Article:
Harris believed that education has to be carried out in three phases:

  1. primary education, where the child learns the basic premises of social life;
  2. secondary education, characterized by learning the complex relations among and within institutions;
  3. tertiary education, where one learns the abstract relationships in the social world.

Because of his emphasis on the social world, Harris advocated the inclusion of the humanities and the arts in the curriculum. He also supported the teaching of morality in schools, believing that schools need to be grounded in Christian principles. However, he also advocated for the separation of church and school.

Criticism

Harris’ work as Commissioner of Education, where he applied his educational theories, was frequently criticized as serving its own means. His critics objected that he was a proponent of self-alienation in order to better serve the great industrial nation of America. In his book The Philosophy of Education Harris wrote:

Ninety-nine [students] out of a hundred are automata, careful to walk in prescribed paths, careful to follow the prescribed custom. This is not an accident but the result of substantial education, which, scientifically defined, is the subsumption of the individual...The great purpose of school can be realized better in dark, airless, ugly places.... It is to master the physical self, to transcend the beauty of nature. School should develop the power to withdraw from the external world. (Harris, 1893)

It appeared that Harris wanted to use education to subjugate individuality in order for one to better serve the whole. His defenders, on the other side, claimed that Harris, a devout Christian, was quite concerned with the development of morality and discipline within the individual. He believed those values could systematically be instilled into the students, promoting common goals and social cooperation, with a strong sense of respect for and responsibility towards one’s society.

Legacy

Harris' influence has been only momentarily recognized, being generally disregarded and misunderstood by historians. An extreme emphasis on discipline has become the most glaring misrepresentations of his philosophy. Harris was responsible for introducing Hegelian philosophy of education into the American school system.

From a theoretical standpoint, Harris' adherence to German Idealism was partly responsible for his unpopularity. However, he contributed toward the development of the U.S. educational system in ways that have benefited all children: he expanded the primary school curriculum, putting more emphasize on humanities and arts; he originated the concept of "high school;" and he encouraged every school to have a library. He also advocated professional teacher education.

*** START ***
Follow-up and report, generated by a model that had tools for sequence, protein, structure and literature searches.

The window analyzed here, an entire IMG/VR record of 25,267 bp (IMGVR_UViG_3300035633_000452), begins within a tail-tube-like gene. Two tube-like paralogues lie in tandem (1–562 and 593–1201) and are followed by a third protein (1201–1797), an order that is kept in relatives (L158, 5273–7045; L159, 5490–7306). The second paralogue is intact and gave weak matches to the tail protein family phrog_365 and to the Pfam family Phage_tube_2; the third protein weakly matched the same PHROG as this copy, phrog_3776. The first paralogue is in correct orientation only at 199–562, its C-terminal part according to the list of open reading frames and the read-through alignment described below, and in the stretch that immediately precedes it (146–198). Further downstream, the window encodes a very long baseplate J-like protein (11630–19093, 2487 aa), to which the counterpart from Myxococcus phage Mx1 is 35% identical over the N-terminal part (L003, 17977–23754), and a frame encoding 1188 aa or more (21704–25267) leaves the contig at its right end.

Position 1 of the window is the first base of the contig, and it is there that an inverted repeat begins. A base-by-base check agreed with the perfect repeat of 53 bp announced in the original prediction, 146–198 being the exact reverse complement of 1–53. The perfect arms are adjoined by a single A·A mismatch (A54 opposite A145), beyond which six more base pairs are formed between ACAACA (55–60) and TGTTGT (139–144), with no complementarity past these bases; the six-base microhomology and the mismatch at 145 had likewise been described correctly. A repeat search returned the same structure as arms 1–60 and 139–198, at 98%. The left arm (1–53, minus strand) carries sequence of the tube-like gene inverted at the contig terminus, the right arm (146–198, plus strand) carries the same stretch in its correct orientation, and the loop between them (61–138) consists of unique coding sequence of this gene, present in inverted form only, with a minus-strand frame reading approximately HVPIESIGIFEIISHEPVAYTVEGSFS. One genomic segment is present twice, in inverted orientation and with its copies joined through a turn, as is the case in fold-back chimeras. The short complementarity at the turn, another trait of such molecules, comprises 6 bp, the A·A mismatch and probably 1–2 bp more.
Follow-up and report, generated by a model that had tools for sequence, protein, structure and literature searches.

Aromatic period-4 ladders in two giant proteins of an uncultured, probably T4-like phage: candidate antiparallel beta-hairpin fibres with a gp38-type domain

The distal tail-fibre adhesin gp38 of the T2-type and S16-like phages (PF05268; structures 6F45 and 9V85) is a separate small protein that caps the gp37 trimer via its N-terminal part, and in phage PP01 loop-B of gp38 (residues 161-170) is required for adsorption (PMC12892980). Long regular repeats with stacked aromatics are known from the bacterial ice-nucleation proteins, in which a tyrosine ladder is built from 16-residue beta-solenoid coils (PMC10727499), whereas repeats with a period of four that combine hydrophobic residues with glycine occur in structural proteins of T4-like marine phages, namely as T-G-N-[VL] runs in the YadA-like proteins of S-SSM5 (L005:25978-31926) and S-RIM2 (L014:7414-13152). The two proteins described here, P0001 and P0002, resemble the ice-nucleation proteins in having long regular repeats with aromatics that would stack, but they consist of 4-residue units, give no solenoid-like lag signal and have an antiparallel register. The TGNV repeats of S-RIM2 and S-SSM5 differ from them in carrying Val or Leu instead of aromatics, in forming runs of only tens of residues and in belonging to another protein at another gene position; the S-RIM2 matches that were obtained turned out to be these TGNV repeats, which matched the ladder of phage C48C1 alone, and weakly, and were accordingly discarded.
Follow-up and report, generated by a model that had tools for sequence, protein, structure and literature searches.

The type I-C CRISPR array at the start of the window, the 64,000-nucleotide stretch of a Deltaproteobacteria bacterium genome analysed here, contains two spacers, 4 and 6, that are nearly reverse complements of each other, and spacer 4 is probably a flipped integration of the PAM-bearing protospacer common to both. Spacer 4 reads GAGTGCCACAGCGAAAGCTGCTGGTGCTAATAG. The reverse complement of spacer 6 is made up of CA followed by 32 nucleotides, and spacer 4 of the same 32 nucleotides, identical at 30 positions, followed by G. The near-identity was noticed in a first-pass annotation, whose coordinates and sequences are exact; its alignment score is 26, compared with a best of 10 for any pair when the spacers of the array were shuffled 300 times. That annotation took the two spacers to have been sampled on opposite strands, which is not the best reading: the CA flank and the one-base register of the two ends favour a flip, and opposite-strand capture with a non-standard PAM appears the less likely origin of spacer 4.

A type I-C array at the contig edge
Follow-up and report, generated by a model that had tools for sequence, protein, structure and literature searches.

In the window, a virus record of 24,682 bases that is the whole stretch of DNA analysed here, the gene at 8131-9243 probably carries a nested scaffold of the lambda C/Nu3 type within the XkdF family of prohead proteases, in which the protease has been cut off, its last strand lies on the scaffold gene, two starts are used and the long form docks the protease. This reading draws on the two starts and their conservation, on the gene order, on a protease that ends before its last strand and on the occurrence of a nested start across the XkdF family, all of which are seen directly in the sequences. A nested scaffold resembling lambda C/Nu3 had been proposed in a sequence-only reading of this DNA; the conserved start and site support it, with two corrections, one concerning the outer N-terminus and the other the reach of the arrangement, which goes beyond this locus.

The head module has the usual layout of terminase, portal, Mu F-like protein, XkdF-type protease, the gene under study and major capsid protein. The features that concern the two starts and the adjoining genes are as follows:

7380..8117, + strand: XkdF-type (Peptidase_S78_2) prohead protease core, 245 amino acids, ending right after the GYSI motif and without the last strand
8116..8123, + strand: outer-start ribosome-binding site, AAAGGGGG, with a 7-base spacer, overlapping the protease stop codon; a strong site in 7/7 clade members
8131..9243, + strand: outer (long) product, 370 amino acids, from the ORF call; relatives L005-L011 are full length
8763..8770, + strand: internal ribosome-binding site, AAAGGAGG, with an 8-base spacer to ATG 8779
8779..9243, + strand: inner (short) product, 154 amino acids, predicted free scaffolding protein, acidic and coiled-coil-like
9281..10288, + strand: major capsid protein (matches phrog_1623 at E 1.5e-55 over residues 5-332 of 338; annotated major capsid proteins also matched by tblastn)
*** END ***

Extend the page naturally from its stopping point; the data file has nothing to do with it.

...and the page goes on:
Harris was also a supporter of the kindergarten movement started in Germany by Friedrich Froebel, being involved in the establishment of the first permanent kindergarten, as part of public education in St. Louis.

Publications

  • Harris, William T. 1881. The Fifth Reader. D. Appleton and Company.
  • Harris, William T. 1881. Hegel's Doctrine of Reflection. D. Appleton and Company.
  • Harris, William T. 1882. The Chautauquan III.
  • Harris, William T. 1893. The Philosophy of Education. D. Appleton and Company.
  • Harris, William T. 1890. Hegel's Logic: A Book on the Genesis of the Categories of the Mind. S. C. Griggs and Company.
  • Harris, William T. 1890. The Philosophy of Crime and Punishment. Speech read before the National Prison Association of the U. S. at Cincinnati, Ohio, September, 1890.
  • Harris, William T. 1894. Twentieth Annual Report to the Board of Directors of the Saint Louis Public Schools for the Year Ending.
  • Harris, William T. 1900. Elementary Education. J.B. Lyon Co.
  • Harris, William T. 1904. Herbert Spencer and his influence on education. University of Chicago Press.
  • Harris, William T. 1905. Educational Review
  • Harris, William T. 1906. The School City. C.W. Bardeen.
  • Harris, William T. 1912. (original 1898). Psychologic Foundations of Education: An attempt to show the genesis of the higher faculties of the mind. D. Appleton.
  • Harris, William T. 1969. Report of the Committee of Fifteen on the Elementary School. Ayer Press. ISBN 0405014260
  • Harris, William T. 1975. (original 1889). An Introduction to the Study of Philosophy. AMS Press Inc. ISBN 0404591663
  • Harris, William T. 2000. International Education Series. Thoemmes Continuum.
  • Harris, William T. 2005. (original 1889). The Spiritual Sense of Dante’s Divina Commedia. Kessinger Publishing. ISBN 1417907738
  • Harris, William T. and Franklin B. Sanborn. 2006. (original 1893). A. Bronson Alcott: His Life and Philosophy. Kessinger Publishing. ISBN 1425489257

References

  • Gerard, Neil. 1975. Public schools and moral education: The influence of Horace Mann, William Torrey Harris, and John Dewey. Greenwood Press. ISBN 0837177626
  • Greenwood, James M. 1910. National education association of the United States, Journal of proceedings and addresses.
  • Leidecker, Kurt F. 1946. Yankee teacher: The life of William Torrey Harris. Philosophical Library.
  • Schaub, Edward L. 1936. William Torrey Harris 1835-1935. Open Court Publishing Company.

External links

All links retrieved February 6, 2014.